Maryland's Assateague Island National Seashore beach closed after unexploded military ordnance found

Debris uncovered at former U.S. Navy test range, National Park Service says

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A beach along Maryland’s Assateague Island National Seashore has been temporarily shuttered by the National Park Service as a growing number of unexploded military ordnance is being discovered at the former U.S. Navy testing site. 

Part of the North Beach Swimming area – which normally is patrolled by lifeguards – was closed until further notice starting Sunday "because of the discovery of multiple (7 and counting), pieces of military munitions debris on the beach over the last two weeks," according to the National Park Service (NPS). 

"During the 1940s, the U.S. Navy used this area of Assateague Island as a test range for rockets and bombs. In the 1950s a cleanup was done, and munitions debris was buried in pits on the island," it added. 

Park officials say "due to the natural movement of the island and seas level rise, some of these pits are now offshore," but "it is likely that the large Nor’easter in May disturbed the nearshore seafloor and uncovered one of these pits." 

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The part of the North Beach Swimming area in the Assateague Island National Seashore that is now closed to the public, according to the National Park Service.

The part of the North Beach Swimming area in the Assateague Island National Seashore that is now closed to the public, according to the National Park Service. (National Park Service)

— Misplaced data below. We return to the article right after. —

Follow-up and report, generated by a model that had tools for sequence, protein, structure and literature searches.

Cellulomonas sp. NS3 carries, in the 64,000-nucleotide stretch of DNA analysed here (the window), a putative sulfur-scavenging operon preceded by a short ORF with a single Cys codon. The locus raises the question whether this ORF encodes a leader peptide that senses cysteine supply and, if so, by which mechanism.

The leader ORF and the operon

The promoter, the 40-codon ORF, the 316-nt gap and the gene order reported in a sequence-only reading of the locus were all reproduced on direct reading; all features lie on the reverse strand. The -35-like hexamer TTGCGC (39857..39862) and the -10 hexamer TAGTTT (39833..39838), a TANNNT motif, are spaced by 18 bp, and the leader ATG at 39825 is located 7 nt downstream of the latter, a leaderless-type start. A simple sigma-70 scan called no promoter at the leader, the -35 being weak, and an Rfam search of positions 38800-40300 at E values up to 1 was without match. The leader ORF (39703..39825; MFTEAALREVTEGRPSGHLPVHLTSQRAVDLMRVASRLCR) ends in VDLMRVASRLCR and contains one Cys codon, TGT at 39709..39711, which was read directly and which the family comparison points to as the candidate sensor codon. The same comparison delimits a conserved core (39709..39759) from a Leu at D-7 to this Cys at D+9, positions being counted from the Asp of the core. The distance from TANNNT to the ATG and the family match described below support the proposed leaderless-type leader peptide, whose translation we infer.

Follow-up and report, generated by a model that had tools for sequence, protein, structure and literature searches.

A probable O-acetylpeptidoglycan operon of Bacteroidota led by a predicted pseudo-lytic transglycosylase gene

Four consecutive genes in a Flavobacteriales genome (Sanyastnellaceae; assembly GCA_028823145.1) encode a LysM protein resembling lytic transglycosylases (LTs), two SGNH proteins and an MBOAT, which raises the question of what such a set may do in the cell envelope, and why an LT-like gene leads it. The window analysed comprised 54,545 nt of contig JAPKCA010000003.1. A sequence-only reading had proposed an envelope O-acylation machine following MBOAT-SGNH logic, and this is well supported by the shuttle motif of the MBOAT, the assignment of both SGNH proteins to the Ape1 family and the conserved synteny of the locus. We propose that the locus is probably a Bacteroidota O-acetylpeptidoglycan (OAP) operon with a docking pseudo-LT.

"This has resulted in pieces of ordnance coming ashore," the NPS said, adding that "most of these pieces are just metal fragments, but some may still contain residue of either explosives or propellant [sic] and thus must be considered dangerous." 

The Ocean City Bomb Squad and Dover Air Force Base’s Explosive Ordnance Disposal team are now working to clean up the site. 

Waves are seen crashing to shore at the Assateague Island National Seashore in Maryland.

Waves are seen crashing to shore at the Assateague Island National Seashore in Maryland. (Edwin Remsburg/VW Pics via Getty Images)

In the meantime, park officials are urging guests to take caution if they find unidentified scrap metal along the shoreline. 

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A naturally formed sand dune, foreground, in the north island area of Assateague Island National Seashore on Maryland's Assateague Island in 2014.

A naturally formed sand dune, foreground, in the north island area of Assateague Island National Seashore on Maryland's Assateague Island in 2014. (J.M. Eddins Jr. for The Washington Post via Getty Images)

"Unfortunately, there have been several instances of visitors picking up rocket fragments and carrying them to either the lifeguards or, in one instance the visitor center. Please do not do this as it is potentially very dangerous," the NPS said. 

It is not immediately clear when the area will reopen.